Eugene Volokh defends grading on the curve I mostly agree. I do it myself.
But curving the grades has a major disadvantage Eugene doesn’t discuss: it discourages cooperation among students. In practice, no matter how explicit the syllabus is, grading policies are sufficiently opaque to students that the perverse incentive effect may not be very great. But it’s there. Any student who helps another student learn is moving the curve in what is, from his perspective, the wrong direction.
I don’t go as far as Mike O’Hare does in thinking that the classroom setting should reflect the real-world setting. But surely teaching students that achievement is purely competitive, and competitive at the individual level, ill prepares them for most workplaces, to say nothing of voluntary organizations and households.
There’s a famous experiment in breeding hens to be raised in cages of six to nine hens each. Plan A takes from each cage the hen that produces the most eggs, and breeds the next generation from those hens. Plan B takes from all the cages the cage that produces the most eggs, and breeds the next generation entirely from that cage. Within a few generations, Plan A breeds scrawny, nasty-tempered hens that specialize in breaking one another’s eggs: the avian analogues of pre-meds. Plan B breeds plump, placid, and highly productive hens, and lots and lots of eggs.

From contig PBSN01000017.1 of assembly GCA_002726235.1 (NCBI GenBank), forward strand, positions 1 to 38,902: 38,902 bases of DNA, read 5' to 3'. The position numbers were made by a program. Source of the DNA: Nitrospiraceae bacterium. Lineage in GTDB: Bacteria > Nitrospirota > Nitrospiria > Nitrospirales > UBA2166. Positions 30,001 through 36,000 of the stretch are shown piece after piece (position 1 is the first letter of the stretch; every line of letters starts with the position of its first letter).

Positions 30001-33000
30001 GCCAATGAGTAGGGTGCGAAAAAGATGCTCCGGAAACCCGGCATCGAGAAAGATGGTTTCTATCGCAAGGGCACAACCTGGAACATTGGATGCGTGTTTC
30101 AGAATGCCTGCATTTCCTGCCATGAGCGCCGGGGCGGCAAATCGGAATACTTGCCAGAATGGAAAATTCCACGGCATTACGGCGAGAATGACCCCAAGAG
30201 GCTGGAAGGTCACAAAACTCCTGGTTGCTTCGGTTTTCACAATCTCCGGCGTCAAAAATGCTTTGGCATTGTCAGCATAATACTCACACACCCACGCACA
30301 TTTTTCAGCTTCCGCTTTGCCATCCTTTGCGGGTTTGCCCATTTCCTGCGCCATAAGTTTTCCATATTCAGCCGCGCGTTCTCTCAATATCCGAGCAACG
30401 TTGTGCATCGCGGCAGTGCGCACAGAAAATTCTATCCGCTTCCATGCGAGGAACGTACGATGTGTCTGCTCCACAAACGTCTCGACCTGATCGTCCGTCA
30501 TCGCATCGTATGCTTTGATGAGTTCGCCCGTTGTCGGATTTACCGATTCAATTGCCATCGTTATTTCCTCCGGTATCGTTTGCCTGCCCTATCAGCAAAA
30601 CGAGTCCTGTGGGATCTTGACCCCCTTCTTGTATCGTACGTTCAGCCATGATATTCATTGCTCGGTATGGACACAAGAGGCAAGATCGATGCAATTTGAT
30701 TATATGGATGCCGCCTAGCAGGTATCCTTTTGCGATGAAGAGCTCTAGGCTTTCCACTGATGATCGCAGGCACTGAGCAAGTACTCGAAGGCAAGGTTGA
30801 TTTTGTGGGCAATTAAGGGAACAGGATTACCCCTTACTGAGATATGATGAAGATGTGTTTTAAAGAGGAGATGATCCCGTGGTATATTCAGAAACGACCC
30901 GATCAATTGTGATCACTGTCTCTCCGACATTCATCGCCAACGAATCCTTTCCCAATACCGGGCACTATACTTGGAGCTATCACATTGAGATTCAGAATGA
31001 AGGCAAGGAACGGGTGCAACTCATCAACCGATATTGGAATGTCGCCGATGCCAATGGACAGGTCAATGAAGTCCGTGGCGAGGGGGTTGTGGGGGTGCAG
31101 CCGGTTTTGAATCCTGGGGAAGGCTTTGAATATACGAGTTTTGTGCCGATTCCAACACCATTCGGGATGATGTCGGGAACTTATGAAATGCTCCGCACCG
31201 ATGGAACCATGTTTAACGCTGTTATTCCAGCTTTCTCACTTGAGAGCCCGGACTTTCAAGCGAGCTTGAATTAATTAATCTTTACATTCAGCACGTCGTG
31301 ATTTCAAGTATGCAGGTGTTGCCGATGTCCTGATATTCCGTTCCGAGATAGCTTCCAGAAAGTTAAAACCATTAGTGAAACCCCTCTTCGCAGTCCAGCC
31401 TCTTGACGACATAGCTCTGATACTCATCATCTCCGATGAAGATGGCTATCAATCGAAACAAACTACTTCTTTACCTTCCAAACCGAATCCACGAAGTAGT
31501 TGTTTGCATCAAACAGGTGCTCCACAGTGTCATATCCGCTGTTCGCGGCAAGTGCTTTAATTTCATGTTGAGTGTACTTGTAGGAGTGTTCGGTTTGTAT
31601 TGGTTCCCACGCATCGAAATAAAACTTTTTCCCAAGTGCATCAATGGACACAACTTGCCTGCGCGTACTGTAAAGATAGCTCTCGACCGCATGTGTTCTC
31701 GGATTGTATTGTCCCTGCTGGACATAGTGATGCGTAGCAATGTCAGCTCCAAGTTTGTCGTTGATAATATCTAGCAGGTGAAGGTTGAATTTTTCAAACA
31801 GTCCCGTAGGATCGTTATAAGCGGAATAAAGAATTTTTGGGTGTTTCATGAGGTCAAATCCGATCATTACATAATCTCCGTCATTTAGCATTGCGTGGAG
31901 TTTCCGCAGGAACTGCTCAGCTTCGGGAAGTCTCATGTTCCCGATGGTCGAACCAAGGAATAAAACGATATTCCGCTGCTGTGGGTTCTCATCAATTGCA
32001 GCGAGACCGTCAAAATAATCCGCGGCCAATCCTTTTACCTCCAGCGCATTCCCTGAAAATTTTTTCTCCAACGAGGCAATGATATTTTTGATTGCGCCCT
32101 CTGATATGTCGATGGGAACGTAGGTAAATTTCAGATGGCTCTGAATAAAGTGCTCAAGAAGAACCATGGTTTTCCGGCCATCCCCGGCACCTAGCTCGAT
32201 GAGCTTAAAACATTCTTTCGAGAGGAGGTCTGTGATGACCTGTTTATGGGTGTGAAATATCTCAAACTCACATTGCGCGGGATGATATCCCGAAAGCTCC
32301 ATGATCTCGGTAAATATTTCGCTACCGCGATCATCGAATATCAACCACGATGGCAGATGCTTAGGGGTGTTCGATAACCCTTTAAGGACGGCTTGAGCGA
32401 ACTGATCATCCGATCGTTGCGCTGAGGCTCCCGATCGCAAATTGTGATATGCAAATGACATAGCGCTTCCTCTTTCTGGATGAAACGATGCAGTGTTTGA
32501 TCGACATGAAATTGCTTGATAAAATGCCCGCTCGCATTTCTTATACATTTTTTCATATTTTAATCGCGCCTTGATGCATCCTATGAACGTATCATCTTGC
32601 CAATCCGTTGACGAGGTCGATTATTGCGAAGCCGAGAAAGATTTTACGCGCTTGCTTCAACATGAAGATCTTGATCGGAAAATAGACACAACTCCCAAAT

Grading on the curve is analogous to Plan A.
Of course that’s a metaphor, not an argument: incentives aren’t fully analogous to selection pressures. But using a grading structure with perverse incentives built in seems like both a bad idea in itself and a bad example to set for students who will, if they wind up running anything, face the problem of how to design a reward system.